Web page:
The RealReal: Luxury Shoppers Are Trading Down

Even luxury shoppers are minding their money a little more closely. The RealReal just released its latest research, which reveals that as the economy gets shakier, its customers are making different choices, trading down from “ultra luxe” fashions in favor of trendier, more affordable items.

And they’re also willing to give up on pristine quality to save money, snapping up items listed in “fair” condition. While these may have visible signs of wear, they’re priced about 33% lower and provide a gateway to luxury, especially to newer, younger members.

The report analyzes 28 million transactions from the last six months, isolating specific changes by category, region and age.

“A potential recession, the climate crisis, and global unrest are all reasons that, going into 2023, consumers are making shopping decisions based on value,” writes Rati Sahi Levesque, co-chief executive officer and president, in the report.

While personal values of sustainability still matter, 66% say they shop resale “primarily to get a good deal. We’re seeing our members do this in many different ways, from trading down ultra-luxe bags for more accessible options and buying fair condition items.”

The change is most noticeable in handbags, with prices of the highest-priced bags falling 5% in the six months, and Louis Vuitton bags falling 20%, Gucci 17%, and Hermes 10%.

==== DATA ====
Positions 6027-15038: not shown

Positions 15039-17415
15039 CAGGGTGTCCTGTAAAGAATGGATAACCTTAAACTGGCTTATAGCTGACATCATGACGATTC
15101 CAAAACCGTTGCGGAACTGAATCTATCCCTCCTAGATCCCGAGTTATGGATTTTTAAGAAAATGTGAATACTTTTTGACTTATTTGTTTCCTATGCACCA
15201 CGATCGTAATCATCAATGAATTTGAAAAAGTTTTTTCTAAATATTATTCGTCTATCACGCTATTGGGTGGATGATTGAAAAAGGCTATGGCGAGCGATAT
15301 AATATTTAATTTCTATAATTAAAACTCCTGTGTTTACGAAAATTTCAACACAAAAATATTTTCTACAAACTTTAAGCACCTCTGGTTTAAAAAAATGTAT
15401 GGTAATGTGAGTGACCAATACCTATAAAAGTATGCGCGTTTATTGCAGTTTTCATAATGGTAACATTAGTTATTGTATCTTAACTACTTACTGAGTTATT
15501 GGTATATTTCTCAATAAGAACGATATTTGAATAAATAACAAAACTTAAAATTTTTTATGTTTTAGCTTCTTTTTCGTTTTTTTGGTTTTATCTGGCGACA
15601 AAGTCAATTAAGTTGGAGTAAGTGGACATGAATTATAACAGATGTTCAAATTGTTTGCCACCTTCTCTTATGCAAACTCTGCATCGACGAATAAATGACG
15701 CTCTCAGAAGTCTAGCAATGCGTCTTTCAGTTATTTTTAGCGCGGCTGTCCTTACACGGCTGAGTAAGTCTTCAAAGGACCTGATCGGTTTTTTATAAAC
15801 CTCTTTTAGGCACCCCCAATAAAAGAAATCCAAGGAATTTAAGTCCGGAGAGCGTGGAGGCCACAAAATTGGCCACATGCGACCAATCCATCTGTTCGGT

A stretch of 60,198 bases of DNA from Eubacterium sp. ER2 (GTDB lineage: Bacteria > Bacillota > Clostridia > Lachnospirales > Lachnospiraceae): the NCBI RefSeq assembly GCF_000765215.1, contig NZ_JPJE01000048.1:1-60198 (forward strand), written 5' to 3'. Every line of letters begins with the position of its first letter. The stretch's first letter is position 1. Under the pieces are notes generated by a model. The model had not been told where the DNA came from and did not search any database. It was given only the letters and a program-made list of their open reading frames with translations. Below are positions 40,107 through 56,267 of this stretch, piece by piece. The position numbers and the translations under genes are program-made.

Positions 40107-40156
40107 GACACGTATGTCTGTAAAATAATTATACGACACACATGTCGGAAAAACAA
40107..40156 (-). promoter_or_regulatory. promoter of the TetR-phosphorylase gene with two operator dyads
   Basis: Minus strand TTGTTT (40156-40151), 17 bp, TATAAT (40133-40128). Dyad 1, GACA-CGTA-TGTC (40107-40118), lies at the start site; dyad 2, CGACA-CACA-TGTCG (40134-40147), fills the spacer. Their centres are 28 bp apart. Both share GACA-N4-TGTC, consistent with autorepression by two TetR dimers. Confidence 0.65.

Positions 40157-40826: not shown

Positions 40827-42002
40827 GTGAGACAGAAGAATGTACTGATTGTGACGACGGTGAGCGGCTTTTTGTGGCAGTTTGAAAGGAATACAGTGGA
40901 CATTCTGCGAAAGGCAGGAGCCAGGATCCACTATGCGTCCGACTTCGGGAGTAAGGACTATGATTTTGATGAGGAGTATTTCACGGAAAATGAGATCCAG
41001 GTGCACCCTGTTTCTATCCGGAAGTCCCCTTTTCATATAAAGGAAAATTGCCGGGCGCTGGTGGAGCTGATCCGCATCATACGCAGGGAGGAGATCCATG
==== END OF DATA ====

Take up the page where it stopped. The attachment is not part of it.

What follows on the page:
Sales of more affordable luxury brands are rising. Miu Miu is having its moment, with sales up 55%. Bottega Venetta is up 45%, and Dior has risen by 38%. Burberry, Valentino and Prada are close behind.

The San Francisco-based online marketplace says that Gen Z and millennials are behind the surge in vintage items, up 50% since January of last year. Y2K pieces continue to be high on their lists, led by Blumarine, up 1,278%; Vivienne Tam, up 428%, and Moschino, rising 322%.

Gen Z continues to be the most motivated by circularity, re-consigning 52% more than in the prior year.

Based on its analysis, the RealReal predicts that for women, ultra-feminine dresses and mules (backless shoes) will be in high demand. Meanwhile, men will be keeping an eye out for avant-garde suiting and classic loafers.

In addition to its online platform, the luxury consigner also operates 19 physical stores.

Still striving to reach profitability, the company recently announced changes to its consignor structure, with plans to optimize costs.

In its most recent quarterly results, the RealReal posted a 20% gain in both gross merchandise value to $441 million and revenue to $143 million. It trimmed iosses to $47.3 million, compared to a loss of $57.2 million in the same period in 2021.

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